Love's a Real Thing: The Funky Fuzzy Sounds of West Africa
My mouth was watering when I read Ned Sublette's book Cuba and Its Music and Gary Stewart's astounding history of Congolese music, Rumba on the River--they can describe a great song so skillfully that the rest of your body reacts even when your ears aren't in on the fun. But as satisfying as it is to learn about hard-to-find recordings--whether they went out of print, never got released in the U.S., or both--in the end it's better to actually hear them. I want to see those albums reissued, and the sooner the better. Waiting for a label to do the job is a crapshoot: of all the tens of thousands of records that've fallen undeservedly into obscurity, which one will see the light of day next?
Successful marketing can iron out a lot of this apparent randomness, though, by helping sustain a reissue campaign that focuses on a specific style or on the music of a particular region. In 2000, when MCA began its series of stateside rereleases from Fela Anikulapo Kuti, the late Nigerian inventor of Afrobeat, it took great pains to make sure the albums would have an audience: after waiting till they'd already caused a buzz in Europe, the label released the first of the discs alongside the U.S. debut from Fela's son, Femi Kuti, who was touring America and providing in-the-flesh testimony to the music's staying power. The French imprint Buda originally planned to release only ten volumes in its superb "Ethiopiques" series--but, in part because the label did justice to the greatness of the music by investing in handsome packaging and informative liner notes, volume 19 just came out and there's no end in sight. And two British imprints have capitalized on the demand for post-Fela Afrobeat, contributing to a healthy and still-growing stack of reissues and compilations: beginning in the late 90s the now defunct Strut Records put out several volumes of hard Nigerian funk, and in 2003 the Soundway label, owned by DJ and record collector Miles Cleret, kicked off its "Ghana Soundz" series.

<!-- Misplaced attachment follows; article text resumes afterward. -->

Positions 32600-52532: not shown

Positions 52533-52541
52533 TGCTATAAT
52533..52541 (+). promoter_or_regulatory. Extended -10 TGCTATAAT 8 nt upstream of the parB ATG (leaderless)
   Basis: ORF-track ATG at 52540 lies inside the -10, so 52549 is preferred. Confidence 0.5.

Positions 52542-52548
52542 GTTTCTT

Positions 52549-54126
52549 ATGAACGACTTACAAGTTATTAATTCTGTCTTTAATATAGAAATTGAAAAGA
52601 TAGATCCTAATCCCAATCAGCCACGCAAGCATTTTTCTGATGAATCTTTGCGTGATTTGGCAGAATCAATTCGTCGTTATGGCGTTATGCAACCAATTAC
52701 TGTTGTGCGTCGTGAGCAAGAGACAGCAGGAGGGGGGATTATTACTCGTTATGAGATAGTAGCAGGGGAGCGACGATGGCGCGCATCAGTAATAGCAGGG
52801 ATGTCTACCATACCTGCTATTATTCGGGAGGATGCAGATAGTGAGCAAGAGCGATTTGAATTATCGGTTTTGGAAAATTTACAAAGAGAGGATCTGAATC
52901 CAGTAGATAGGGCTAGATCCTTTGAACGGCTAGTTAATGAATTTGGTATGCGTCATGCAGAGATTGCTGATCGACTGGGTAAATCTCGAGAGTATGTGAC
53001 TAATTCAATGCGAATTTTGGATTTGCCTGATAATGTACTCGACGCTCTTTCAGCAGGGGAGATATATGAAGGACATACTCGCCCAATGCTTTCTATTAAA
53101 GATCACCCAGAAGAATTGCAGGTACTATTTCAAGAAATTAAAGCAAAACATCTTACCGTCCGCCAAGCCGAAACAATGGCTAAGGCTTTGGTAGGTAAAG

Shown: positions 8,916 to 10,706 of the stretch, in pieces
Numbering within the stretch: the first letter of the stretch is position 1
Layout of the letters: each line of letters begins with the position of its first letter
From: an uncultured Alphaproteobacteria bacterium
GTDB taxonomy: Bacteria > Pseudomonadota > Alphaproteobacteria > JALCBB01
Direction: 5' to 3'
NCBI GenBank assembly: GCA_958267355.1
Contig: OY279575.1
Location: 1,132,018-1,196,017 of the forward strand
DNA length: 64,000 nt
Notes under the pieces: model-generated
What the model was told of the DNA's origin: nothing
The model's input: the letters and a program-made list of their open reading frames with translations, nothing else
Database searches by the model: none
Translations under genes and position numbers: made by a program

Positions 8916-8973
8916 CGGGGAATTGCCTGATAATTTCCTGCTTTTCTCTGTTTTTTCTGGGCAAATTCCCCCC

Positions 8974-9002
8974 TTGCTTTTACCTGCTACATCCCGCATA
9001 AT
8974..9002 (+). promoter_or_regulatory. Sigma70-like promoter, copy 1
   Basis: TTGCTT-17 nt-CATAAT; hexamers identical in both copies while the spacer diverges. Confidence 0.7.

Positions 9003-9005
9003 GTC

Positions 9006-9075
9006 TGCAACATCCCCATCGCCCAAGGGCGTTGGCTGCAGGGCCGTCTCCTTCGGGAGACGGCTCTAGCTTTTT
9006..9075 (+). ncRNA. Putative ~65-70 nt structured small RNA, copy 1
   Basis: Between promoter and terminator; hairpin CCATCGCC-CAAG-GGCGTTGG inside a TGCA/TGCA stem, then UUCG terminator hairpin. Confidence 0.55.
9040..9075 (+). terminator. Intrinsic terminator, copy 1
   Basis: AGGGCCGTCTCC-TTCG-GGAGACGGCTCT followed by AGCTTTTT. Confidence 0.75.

When it comes to creating niches for different flavors of international music, though, David Byrne's Luaka Bop label wrote the book. Luaka Bop's collections of Brazilian pop laid the groundwork for the surge of interest in tropicalia in the late 90s. Nearly a decade ago The Soul of Black Peru introduced the world to Susana Baca and offered glimpses of artists who've since made tours of the States, like Eva Ayllon and Peru Negro. And Telling Stories to the Sea, a compilation of music from Lusophone Africa, helped launch or reinvigorate the Western careers of Cesaria Evora, Bonga, and Waldemar Bastos.
Now Luaka Bop is blowing the dust off a huge trove of music that's been languishing for too long: Love's a Real Thing: The Funky Fuzzy Sounds of West Africa, which came out on Tuesday, is perfectly designed to trigger another boomlet of reissues. Considering Soundway's recent releases, it might look like Luaka Bop is jumping on the African bandwagon, not steering it, but in fact this compilation was nearly finished in 2002--in the interim the label changed distributors from Virgin to V2, which interrupted many of its regular activities.
Love's a Real Thing casts a wider net than earlier African compilations, covering most of the 70s, a host of West African countries, and a mind-bending variety of styles--in the postcolonial period, a renewed interest in traditional African sounds produced all sorts of strange hybrids between indigenous pop and Western music. And the comp takes advantage of a preexisting (if somewhat dubious) organizing principle: it's the third entry in the label's "World Psychedelic Classics" series, preceded by discs devoted to Brazilian pop misfits Os Mutantes and San Francisco soul nutjob Shuggie Otis.